stop. go ride your horse.

Sometimes the bigger picture is a bit overwhelming. Here I am in this beautiful place, in an almost perfect actually quite wonky but loveable house, and I have a billion things I want to do, a thousands things I ought to do and a really long list of what I need to do.  I am not very good at this slow down your lifestyle things. I am trying. But I want to finish the woodland clearing, I want to design the kitchen garden, I need to paint the fence, I have to stain the wooden gates, I can't wait to paint the rooms, I need to start finish the veggie patch and I am still trying to unpack these last few damn boxes.... 

SO in an effort to try to stop doing everything in 24 hours, I am happily riding the Puzzle pony out and about the lanes, with one of the girls on Vincent-the-cheeky .  The views are blowing our minds - grateful our ponies will happily carry on whilst we ride with one hand on the reins and one hand pointing at various landmarks and distant mountains.  Pretty funny watching the pony's face as he sees the lane literally rise up before him like a, well, mountain (hahah!) and then drop away the other side. I give thanks daily for the nonslip road nails in the horse's shoes and remind myself that little and often on these hills will make at least one of us fit.  Plus we are perfecting the art of picking giant hedgerow blackberries from horseback  {not as easy as you think} and convincing Puzz that the sheep are fairly safe creatures he can go by. There is a lot of sheep he has to go past, funnily enough, so I figure he will be sheep proof soon! 


We've met a few more neighbours, I have land envy - one of them has 600 acres. Six hundred. Does he need all six hundred? Can I have some? Six hundred!!! I am so in awe....  He's a really nice, funny guy and now stops the tractor mid field to chat to husband and I if he sees us. He has a neighbour who has goats I can have, apparently. Oh, and do I want some kittens. (LOVE living here ;) ) Told him its fine I'll re-home pretty much any animal. He warned me that was careless talk around farmers ;)  I refused the kittens however, we have a busy road alongside part of our land and I am not losing a cat to traffic accidents again.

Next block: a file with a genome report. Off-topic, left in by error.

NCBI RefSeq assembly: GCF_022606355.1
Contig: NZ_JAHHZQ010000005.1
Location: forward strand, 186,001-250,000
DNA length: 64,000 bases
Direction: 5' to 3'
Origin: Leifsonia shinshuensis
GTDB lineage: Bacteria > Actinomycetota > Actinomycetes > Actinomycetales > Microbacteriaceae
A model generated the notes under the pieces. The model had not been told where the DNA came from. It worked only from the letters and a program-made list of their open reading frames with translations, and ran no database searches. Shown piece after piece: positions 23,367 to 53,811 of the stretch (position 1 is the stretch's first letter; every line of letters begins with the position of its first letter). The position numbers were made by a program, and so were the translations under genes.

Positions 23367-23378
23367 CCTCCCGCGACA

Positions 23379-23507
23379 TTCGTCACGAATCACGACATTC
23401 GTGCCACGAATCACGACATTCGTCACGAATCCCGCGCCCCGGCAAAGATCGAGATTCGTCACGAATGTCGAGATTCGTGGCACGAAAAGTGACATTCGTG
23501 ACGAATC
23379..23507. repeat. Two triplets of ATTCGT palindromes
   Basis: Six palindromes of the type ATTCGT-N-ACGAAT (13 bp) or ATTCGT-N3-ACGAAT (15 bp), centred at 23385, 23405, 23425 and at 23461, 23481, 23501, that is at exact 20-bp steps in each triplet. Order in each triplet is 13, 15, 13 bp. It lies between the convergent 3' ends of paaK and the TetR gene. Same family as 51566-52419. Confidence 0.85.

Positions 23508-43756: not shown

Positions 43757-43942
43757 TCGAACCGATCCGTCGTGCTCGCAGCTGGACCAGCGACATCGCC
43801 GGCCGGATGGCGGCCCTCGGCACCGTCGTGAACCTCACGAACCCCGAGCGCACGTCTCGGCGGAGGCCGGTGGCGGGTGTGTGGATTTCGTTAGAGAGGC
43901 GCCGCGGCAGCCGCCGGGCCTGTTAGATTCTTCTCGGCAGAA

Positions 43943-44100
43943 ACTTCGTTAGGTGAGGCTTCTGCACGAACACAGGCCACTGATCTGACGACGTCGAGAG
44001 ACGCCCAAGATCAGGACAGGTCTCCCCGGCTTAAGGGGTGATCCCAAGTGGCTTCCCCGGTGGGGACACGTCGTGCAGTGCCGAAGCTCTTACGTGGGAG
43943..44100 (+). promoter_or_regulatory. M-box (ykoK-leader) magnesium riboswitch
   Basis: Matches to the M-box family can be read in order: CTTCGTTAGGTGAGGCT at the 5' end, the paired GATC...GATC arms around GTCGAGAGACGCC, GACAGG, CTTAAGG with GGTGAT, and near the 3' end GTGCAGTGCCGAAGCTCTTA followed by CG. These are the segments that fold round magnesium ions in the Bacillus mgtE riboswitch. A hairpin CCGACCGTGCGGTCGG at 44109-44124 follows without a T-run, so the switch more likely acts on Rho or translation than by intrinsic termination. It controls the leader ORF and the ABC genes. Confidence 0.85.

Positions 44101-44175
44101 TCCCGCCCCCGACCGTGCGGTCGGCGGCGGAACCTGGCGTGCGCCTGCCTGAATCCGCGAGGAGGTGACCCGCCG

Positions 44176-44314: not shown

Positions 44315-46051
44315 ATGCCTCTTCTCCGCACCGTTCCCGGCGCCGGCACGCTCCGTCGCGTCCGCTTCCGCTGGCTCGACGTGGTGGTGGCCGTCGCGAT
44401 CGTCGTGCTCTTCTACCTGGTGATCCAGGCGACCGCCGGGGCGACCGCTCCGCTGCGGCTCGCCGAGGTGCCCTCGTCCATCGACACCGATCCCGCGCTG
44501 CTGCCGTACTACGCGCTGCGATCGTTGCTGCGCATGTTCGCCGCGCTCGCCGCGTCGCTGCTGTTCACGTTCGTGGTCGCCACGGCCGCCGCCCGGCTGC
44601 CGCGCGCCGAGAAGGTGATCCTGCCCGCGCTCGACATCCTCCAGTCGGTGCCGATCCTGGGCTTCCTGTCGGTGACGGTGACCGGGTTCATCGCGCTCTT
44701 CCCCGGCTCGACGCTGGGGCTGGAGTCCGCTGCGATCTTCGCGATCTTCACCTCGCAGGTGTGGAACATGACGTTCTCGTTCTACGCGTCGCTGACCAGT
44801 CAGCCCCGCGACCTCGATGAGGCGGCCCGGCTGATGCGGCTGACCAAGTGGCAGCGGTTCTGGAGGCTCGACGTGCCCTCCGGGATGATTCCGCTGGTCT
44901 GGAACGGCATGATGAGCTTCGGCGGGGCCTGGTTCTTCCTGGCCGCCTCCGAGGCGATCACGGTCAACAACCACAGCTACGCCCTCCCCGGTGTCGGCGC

Sheep are arriving soon, not mine I hasten to add; his, they will live in the fields next door to us. Looking forward to introducing them to totally batty goats, a barking vizsla, and ponies who snort at them. Yeah, that will be so fun....!

In amongst  the weird shopping - trust me, move somewhere more rural than before and you find you have the craziest shopping list - ladders, lightbulbs, equipment to make the wifi go thro 200 year old barn walls, horse feed, fence posts, industrial hosepipes, yet another part for the quad to pull along, etc etc, - we have managed to do the school uniform shopping. I forget every year how rubbish that is to actually do, so tedious. Decided anything I have forgotten I am just ordering online, cannot bear one more giant store trip in such of sizes they sold in July. (Yes, I should be the July shopper but honestly... I never will be)  

The best bit about venturing to nearby town in search of such stuff is not only the view on the way - mountains behind all views, even the supermarkets. I am the only idiot stood gawping in the car park I think... and of course thencoming home! Welly boots straight back on and out to do something outside. All pressures and stresses forgotten.  Just these crazy clouds to watch.